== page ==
Forty Autumns: A Family’s Story of Courage and Survival on Both Sides of the Berlin Wall by Nina Willner (NF). I marked this as “To Read” in 2017. Don’t wait five years like I did. I was immediately drawn into this family and the events of the Cold War as it affected them and all East Germans. The author tells the story of her mother’s escape from East Germany and what transpired over the next 40+ years until the fall of the wall in 1989. How this family maintained their cohesiveness and strength to continue living under the communist regime (as all others did as well) is so difficult for me to wrap my head around. I bookmarked some passages because they are chilling to hear today…and too close to some current events to ignore. I’m anxious to learn more about the author and hope she will pen another book in the future. (Ironically, as the Olympics recently wrapped up, you learn how East Germany used the Olympics to create an image of a strong nation to the rest of the world, while controlling every move of their athletes. Nina’s cousin was selected and groomed as an Olympian in cycling. She was an alternate but went on to become a National Champion.) As I saw in one review…this should be required reading in High School.
The Right Side of the Fairway: 18 Golf Inspired Lessons for Healing by, Doug deGrood (NF). A superb quick read where the author shares his cancer diagnosis and journey using golf (a love of his) metaphors to express himself. This is not just for those living with cancer. He offers great perspective on how to live life positively. Infused with humor and reality.
The Four Winds by Kristen Hanneh (F). This is the story of Elsa, unloved by her family and abandoned after her marriage to Rafe Martinelli. These became the years of the Dust Bowl, The Great Depression which became synonymous with desperation, starvation, and a fight for survival. She left for California and endured the battle between the “haves” and “have nots”, a nation divided, and the rising up of the migrant worker. Sad and illuminating, it placed a spotlight on the story of the land, on enduring love and heroism, and of a country in crisis. This powerful and sad story of perseverance and will long resonate with me. I knew very little of this chapter in American History and the challenges and suffering of farmers. It was well researched and vividly told, as this era came to life on the pages.
The Girl with the Louding Voice by Abi Dare (F). I listened to this book on Audible, and it was outstanding. Not sure how it reads in print, yet the story is so powerful I am sure the written word is just as poignant. Story of Adunni, a Nigerian child bride who wants to get an education and make a difference in the world. She becomes a house-girl to escape her marital situation, and the experiences that she encounters weave an incredibly moving and inspiring story. Well worth either listening to or reading to gain understanding of the intensity of the cultural mores and the bravery of the young heroine.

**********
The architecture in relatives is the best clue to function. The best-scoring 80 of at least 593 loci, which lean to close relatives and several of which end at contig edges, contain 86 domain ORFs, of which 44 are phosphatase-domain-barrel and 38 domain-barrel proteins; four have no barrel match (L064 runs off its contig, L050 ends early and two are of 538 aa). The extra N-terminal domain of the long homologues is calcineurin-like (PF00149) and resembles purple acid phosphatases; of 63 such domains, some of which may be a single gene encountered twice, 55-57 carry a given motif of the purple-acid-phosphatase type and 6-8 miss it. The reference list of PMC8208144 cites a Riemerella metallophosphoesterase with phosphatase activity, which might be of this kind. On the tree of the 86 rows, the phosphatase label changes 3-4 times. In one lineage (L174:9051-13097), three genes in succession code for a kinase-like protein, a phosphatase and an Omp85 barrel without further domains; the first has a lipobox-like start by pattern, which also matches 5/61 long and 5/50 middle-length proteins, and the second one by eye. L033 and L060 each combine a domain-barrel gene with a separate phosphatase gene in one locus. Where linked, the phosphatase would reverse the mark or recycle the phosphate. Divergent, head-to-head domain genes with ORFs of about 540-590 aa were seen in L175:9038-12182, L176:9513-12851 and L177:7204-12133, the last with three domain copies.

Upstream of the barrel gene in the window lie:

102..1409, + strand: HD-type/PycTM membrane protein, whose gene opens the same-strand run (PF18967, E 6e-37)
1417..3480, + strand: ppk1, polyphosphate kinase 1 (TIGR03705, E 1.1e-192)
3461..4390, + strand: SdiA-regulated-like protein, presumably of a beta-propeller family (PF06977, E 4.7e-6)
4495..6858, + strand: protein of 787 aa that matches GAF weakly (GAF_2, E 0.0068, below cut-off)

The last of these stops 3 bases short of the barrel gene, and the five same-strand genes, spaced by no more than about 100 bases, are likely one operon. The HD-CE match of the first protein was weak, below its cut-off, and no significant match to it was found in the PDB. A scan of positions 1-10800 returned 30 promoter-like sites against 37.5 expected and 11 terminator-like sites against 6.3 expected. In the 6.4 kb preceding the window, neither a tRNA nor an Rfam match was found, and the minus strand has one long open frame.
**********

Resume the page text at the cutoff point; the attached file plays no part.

The Hare with Amber Eyes – A Hidden Inheritance by Edmund de Waal (NF). A cultural fresque through a family memoir — the Ephrussi’s — spanning the 19th and 20th C., three continents and many countries, all brilliantly tied by the travels of a collection of Japanese Netsuke’. Most painful descriptions of the Anschluss of Austria and the human devastation from WWII. Some passages reminiscent of what we are living today with Russia’s president.
Unthinkable: Trauma, Truth, and the Trials of American Democracy by Jamie Raskin (NF). Living with the wrenching pain of losing his son to suicide, Raskin confronts the assault of the Capitol on January 6, 2022, the day after he buried his son, and is then called to lead the impeachment effort against Trump for inciting the violence. Very painful to read, but a book full of lessons on humanity and on American institutions.
[ Bonus Books, only in French. Joseph Kessel : En Syrie. Explains incisively the situation resulting from the French Protectorate, the roots of today’s instability. Laurent Gaudé: Dans la nuit Mozambique. Brilliant short stories. Metin Arditi: Rachel et les siens. The story of a fascinating story teller through most of the xxth C, from her childhood in Jaffa where her Jewish family shared a house with an Arab family, then her time in Istanbul before finally settling in France where she becomes an outstanding playwright. Maybe, one day, these books will be translated into English! ]
If “exceptional interest” can mean books I’ve recommended in conversations recently, then this qualifies:
It Was All A Lie by Stuart Stevens (NF). Donald Trump is not an aberration, argues Stevens, a long -time Republican campaign strategist. His book traces the history of the party over the past 50 years and shows how the party itself “became Trump.” While his material is not news to us, it is a thoughtful treatise on how the Republican Party became “the white man’s grievance party.”
Sensationby Arnold Lehman (NF). The subtitle of the book “The Madonna, the Mayor, the Media, and the First Amendment” says it all. Written by the former director of the Brooklyn Museum about his battle with Mayor Giuliani over exhibiting Chris Ofili’s Black Madonna is a page-turner lesson in what happens when art collides with power politics.